·Some highlights from year 2016.
It’s time to stop wandering in the darkness. It doesn’t require a scientific study to know by now that education for the 21st century is about recognizing the need for change and coping with that change. For one thing, bodies have to move from the sitting posture into making things with the hands.
Doing what was done last year, or doing the same old thing a little better, is no longer a recipe for success. Ghana must shift from the indolent theories to sensible practical educational outcomes. That will require a move from knowledge to implementation. The status quo must change for the better.
Education for production and employment
Curricular objectives are worthless if they are merely good intentions; they must be transformed into work experiences. Serious objectives are commitments; they determine the future; they mobilize the resources and energy for both the present and the perceived future.
When we consider, for example, that the rice imports (2013 figures) of about 644,000 tonnes cost Ghana US$422 million; and chicken meat of about 168,000 tonnes cost $197 million, making a grand total of those two commodities alone about a whopping US$619 million every single year, we need to reset the mindset.
And when we read newspaper headlines, “Graduates asked to be problem solvers”, or “Unemployed Graduates Hit 271,000”, we have to pause in our tracks and ask a most salient question, “What on earth is going on?” What can be done for the 320,000 or so students presently in the tertiary system, knowing darn well that a number of them would end up in the stagnant pool of the unemployed every year?
Skills for the youth
But going forward, purposeful education must offer transformative opportunities that address the following key questions: One, does it help to create jobs? Two, does it add value to the nation’s natural endowment and local inputs? Three, does it help the youth to fill existing jobs that require the use of modern technology? Four, does it teach and support the youth to be entrepreneurs who make it by solving existing national and international problems?
And where one can’t develop the skills to apply what is learned to create anything useful, what then is education for? One can be taught till kingdom come – one can learn the multitude of theories till yet another kingdom appears – and still remain stuck, unskilled, unproductive, and unfulfilled. A good many academic degrees are not grounded in practice; they float aimlessly with the wind. That is the misery passing for education in parts of Africa, hence the underemployment and persistent poverty.
And for some unfathomable reason, the very same academicians leading and looping those vicious cycles are the ones expected to resolve the dilemma!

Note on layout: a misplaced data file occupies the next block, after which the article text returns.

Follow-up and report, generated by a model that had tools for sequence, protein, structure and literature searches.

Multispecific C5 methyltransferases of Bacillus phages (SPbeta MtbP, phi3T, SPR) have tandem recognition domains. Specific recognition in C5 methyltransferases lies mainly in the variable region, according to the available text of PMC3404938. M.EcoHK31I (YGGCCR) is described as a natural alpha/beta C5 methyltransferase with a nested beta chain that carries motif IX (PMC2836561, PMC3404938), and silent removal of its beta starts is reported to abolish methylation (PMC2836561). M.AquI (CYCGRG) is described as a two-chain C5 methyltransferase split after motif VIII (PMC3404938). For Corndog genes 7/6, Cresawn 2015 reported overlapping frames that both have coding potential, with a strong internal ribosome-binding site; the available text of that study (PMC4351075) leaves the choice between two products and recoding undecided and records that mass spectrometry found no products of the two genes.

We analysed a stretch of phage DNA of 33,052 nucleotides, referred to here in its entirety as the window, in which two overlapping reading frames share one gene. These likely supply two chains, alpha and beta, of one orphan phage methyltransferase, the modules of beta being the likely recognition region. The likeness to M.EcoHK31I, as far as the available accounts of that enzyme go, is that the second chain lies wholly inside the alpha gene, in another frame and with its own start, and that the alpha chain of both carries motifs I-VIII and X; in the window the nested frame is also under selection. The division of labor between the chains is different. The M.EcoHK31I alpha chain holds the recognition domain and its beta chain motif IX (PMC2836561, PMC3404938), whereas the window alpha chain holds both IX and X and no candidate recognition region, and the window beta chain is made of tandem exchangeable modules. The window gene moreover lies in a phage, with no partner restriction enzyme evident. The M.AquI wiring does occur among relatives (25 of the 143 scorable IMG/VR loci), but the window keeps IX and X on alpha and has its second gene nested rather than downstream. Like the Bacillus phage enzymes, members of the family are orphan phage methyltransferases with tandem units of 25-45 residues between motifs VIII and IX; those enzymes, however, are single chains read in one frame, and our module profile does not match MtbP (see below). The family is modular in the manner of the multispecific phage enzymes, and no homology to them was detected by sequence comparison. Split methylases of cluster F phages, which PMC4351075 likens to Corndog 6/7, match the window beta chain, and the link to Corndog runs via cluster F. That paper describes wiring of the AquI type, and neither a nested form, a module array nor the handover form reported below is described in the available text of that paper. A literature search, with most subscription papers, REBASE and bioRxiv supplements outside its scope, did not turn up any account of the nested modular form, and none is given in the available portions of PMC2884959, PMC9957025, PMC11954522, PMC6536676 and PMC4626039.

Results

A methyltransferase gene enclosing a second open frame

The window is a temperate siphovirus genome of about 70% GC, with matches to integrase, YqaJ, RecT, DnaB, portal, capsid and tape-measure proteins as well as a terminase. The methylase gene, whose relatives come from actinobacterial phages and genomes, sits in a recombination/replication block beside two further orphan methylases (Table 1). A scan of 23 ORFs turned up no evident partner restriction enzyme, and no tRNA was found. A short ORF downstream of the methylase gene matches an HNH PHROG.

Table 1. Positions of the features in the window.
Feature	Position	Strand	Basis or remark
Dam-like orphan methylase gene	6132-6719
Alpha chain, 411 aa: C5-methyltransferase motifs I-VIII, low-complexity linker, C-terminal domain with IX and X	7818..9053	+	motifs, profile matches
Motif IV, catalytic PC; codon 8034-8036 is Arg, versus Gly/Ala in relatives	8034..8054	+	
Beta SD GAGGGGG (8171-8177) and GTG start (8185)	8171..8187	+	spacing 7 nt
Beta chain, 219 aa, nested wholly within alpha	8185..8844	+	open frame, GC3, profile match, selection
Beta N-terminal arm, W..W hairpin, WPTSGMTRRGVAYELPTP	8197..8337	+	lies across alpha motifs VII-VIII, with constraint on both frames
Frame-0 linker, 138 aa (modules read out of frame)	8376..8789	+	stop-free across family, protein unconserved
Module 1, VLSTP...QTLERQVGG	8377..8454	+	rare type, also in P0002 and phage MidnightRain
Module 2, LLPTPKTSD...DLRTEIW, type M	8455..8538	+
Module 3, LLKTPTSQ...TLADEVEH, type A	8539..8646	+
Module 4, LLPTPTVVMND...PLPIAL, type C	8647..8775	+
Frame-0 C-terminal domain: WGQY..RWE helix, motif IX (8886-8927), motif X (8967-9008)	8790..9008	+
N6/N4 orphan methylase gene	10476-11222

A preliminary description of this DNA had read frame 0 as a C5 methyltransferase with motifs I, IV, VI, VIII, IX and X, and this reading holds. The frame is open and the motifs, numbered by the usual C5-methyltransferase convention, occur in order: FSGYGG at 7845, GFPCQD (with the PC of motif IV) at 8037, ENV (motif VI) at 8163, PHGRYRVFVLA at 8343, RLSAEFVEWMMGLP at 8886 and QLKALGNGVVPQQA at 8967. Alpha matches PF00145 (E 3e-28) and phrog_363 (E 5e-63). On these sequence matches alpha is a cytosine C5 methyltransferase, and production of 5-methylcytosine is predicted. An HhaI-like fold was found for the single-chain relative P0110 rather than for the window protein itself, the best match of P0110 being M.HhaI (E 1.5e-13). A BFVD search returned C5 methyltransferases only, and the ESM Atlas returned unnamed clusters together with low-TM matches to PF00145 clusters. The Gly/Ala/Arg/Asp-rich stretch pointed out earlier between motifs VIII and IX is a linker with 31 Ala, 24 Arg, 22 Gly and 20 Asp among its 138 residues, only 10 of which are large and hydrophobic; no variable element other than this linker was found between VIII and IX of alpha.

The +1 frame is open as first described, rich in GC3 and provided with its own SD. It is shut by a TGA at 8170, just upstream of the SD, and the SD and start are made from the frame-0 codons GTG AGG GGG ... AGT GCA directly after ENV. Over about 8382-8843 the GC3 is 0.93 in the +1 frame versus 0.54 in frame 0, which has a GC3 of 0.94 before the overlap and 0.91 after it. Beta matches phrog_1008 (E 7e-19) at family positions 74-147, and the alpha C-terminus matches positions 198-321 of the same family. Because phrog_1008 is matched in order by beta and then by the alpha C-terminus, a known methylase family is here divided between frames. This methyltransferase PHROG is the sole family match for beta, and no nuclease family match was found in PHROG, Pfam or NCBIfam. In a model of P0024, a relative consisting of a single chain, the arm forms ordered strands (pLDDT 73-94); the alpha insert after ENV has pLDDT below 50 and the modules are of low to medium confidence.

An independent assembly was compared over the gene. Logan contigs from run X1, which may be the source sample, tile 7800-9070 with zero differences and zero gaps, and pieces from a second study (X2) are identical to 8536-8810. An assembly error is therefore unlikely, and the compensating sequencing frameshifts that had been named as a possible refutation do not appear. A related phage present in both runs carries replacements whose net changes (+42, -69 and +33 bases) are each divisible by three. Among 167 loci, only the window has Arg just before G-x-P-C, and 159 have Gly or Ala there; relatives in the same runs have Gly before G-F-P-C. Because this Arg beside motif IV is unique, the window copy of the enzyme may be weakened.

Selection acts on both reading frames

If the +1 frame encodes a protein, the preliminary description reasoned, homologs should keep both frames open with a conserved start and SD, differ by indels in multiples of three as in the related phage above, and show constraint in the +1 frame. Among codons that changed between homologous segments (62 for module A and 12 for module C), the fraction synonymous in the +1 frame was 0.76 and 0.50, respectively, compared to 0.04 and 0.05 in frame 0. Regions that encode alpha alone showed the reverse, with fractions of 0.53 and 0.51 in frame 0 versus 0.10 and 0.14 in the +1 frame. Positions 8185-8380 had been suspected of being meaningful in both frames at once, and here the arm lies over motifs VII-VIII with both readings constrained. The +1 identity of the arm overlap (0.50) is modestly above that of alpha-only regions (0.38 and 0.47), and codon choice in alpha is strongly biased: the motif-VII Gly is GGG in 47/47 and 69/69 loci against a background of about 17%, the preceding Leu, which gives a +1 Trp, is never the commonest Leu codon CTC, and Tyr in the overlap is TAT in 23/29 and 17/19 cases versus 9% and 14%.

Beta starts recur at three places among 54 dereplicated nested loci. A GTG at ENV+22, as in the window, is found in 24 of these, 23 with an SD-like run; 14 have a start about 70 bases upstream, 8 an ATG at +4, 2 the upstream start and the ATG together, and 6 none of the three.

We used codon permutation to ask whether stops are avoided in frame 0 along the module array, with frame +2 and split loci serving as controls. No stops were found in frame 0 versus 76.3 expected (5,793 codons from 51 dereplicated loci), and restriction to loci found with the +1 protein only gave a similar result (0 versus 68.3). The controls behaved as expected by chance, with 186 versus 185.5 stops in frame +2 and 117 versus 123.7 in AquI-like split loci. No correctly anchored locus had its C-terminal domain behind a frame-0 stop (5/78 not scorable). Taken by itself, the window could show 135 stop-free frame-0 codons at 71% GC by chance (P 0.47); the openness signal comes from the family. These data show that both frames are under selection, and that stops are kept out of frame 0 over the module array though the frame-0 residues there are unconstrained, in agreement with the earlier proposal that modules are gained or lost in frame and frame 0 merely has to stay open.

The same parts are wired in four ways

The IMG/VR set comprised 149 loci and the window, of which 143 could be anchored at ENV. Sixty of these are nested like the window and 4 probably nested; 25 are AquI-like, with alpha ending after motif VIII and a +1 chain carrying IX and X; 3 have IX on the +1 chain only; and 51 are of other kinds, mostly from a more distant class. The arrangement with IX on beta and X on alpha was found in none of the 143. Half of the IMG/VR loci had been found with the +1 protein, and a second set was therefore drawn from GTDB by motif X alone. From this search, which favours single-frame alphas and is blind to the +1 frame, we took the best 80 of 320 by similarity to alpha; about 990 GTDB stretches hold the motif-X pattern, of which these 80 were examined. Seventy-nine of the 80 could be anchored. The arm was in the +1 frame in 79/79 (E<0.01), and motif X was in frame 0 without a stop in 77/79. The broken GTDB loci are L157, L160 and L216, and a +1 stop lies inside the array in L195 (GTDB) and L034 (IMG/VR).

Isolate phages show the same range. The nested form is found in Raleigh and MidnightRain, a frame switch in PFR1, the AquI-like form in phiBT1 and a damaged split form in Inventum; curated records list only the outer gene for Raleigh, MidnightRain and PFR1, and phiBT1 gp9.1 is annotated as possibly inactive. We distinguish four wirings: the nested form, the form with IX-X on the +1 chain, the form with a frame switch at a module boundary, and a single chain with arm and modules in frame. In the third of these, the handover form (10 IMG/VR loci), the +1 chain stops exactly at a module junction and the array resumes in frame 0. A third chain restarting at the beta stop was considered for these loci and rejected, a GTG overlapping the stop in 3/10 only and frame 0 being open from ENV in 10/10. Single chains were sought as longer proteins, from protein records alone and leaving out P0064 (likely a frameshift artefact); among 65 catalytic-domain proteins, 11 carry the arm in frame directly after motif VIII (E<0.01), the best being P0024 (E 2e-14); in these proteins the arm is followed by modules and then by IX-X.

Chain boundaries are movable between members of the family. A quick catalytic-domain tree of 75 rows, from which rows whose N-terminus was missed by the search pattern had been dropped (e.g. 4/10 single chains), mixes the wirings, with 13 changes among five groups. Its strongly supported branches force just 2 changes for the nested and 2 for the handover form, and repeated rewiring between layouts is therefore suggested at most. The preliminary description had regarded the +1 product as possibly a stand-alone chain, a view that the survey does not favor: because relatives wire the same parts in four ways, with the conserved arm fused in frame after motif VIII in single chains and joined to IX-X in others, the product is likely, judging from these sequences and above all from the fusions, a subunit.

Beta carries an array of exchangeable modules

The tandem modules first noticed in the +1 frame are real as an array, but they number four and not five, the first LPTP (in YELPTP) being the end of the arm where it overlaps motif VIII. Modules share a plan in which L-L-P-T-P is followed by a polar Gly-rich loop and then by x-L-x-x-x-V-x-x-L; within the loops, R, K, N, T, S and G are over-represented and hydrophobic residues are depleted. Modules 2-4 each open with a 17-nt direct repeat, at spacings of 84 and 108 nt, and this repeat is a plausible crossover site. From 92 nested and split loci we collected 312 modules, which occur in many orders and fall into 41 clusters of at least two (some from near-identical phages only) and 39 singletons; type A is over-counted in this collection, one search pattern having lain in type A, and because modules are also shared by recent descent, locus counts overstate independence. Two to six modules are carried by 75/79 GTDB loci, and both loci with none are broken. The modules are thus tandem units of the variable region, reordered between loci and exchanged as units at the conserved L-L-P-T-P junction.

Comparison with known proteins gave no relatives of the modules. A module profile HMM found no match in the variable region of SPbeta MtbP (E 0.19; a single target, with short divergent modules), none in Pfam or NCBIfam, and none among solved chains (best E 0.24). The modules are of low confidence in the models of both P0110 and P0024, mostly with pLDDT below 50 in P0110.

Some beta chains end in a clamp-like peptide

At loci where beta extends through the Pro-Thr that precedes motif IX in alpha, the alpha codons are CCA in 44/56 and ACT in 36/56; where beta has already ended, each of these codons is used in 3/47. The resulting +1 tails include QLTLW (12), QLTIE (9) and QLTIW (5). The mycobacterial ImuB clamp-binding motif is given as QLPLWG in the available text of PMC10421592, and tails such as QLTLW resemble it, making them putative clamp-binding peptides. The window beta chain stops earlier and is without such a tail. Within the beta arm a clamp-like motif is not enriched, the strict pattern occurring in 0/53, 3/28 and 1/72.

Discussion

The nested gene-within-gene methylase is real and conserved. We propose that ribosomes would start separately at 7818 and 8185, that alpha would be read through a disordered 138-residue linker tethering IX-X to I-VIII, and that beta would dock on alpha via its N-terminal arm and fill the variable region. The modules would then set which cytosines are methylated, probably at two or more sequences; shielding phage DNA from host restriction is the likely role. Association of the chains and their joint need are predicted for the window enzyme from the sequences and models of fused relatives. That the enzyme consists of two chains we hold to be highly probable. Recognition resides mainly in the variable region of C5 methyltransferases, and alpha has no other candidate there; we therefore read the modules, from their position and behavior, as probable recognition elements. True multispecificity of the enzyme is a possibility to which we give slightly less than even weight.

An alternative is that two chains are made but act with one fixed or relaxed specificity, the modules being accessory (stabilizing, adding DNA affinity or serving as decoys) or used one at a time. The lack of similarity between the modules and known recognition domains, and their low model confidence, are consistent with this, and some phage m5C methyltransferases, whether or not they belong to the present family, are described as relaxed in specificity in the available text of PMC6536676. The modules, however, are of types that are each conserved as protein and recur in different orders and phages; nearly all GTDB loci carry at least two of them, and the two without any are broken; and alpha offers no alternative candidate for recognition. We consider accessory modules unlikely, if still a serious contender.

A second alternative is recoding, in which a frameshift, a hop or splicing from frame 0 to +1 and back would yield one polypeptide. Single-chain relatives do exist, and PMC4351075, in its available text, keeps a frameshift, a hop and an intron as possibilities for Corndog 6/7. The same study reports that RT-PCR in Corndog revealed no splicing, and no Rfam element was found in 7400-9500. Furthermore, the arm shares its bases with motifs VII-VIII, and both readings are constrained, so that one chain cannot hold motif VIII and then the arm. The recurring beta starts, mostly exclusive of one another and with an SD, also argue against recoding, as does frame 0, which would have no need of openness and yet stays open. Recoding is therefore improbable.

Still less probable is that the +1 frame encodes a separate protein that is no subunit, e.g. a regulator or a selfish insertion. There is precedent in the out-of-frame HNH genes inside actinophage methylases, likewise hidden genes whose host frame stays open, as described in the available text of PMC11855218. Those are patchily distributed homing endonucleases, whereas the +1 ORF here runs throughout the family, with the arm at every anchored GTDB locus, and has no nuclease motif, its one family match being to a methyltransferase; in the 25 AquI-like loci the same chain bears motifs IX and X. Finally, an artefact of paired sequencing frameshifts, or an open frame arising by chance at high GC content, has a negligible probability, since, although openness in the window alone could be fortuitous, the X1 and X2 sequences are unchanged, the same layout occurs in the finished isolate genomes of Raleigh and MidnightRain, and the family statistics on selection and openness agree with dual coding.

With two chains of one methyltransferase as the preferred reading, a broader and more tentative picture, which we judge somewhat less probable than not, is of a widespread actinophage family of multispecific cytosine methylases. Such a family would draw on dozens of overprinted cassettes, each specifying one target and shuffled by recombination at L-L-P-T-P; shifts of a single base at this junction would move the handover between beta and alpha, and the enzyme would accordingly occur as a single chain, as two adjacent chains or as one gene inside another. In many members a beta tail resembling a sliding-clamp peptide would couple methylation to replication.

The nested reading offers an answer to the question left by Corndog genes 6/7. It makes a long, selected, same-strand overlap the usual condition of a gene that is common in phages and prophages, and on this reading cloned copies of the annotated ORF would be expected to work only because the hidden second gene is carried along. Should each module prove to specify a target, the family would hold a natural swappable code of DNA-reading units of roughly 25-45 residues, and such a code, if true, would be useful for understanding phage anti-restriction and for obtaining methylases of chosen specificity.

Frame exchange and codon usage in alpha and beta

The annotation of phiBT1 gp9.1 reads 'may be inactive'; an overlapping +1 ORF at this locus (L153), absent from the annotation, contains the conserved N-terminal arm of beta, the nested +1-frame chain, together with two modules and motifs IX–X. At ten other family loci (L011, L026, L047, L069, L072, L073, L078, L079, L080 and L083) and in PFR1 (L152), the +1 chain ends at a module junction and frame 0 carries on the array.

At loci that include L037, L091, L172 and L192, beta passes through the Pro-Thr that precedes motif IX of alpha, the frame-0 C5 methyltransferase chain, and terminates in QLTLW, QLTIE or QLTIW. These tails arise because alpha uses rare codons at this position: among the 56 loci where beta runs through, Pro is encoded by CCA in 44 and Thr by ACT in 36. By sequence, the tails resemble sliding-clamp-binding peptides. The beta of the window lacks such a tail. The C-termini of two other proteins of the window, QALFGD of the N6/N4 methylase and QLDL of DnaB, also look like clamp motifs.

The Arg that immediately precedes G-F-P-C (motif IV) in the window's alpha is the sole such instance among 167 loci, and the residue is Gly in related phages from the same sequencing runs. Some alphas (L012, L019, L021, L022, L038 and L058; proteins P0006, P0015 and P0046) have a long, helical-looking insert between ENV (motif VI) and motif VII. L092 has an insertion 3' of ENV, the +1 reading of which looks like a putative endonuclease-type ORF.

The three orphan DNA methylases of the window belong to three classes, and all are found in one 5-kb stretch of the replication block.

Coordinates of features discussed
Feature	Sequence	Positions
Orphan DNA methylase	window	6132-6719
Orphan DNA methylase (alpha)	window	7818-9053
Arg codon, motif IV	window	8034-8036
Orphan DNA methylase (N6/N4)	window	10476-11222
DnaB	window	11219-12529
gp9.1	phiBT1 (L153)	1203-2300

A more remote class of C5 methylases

Seek the outliers
If ever there were a trend in modern education to seek out the outliers, it was to support the youth to be innovative, to work in teams as collaborators, to hypothesize, to follow their own curiosities, to discover their authentic selves, and to prevail. The progressive world is moving in that direction, and Ghana must join the move.
The need for an upbeat functional education is a worldwide concern. In these days of information explosion through Google, Wikipedia and the rest, passing exams with glitzy scores is not that kosher anymore; it used to be so when information was so lacking that even the paltry possession of it was a sacred act. Today, mere cognitive abilities serve as indicators of possibilities only; they are not accomplishments. Today, open ended tasks requiring students to creatively integrate different subjects, to find real life solutions to nagging societal and worldly problems, qualify as accomplishments.
Unsatisfactory 2016 WASSCE results
The WASSCE results (Daily Graphic, August 20, 2016) showed that in Integrated Science, while 113,933 pupils (out of the total of 232,390) achieved the acceptable scores of A1 – C6, some 75,938 pupils obtained the unsatisfactory scores of D7 – D8, and 42,519 failed completely. The majority of the candidates – 51% – were in the bottom two brackets.
The scores in Mathematics were worse: while only 77,108 pupils (out of 231,592) scored A1 – C6, the greater majority – 67% – were in the unsatisfactory (D7 – D8) and failed brackets. Though the scores in English and Social Studies were not as bad as Science and Mathematics, generally speaking, the cumulative scores prohibit the majority of the WASSCE pupils from advancing to the next higher stage.
In Ghana, we use summative exam scores for punitive purposes by casting the blame on the failing youth: most of the candidates are tossed to their own devices, with a good number spilling into the streets, hustling with vehicular traffic for a living.
Schools in dust, without toilets
The need for cleanliness in public schools – especially the lack of toilet facilities and water for both adults and children to wash their hands for good hygiene – cannot go unheeded. Especially of grave concerns are the numerous public schools that sit in dust across the length and breadth of the country, with open defecation. The manifestoes must address the negligence of those public officials – coasting comfortably on the nation’s payroll, with perks – whose responsibility it is to make sure that the proper hygienic conditions exist for the well-being of the nation’s children.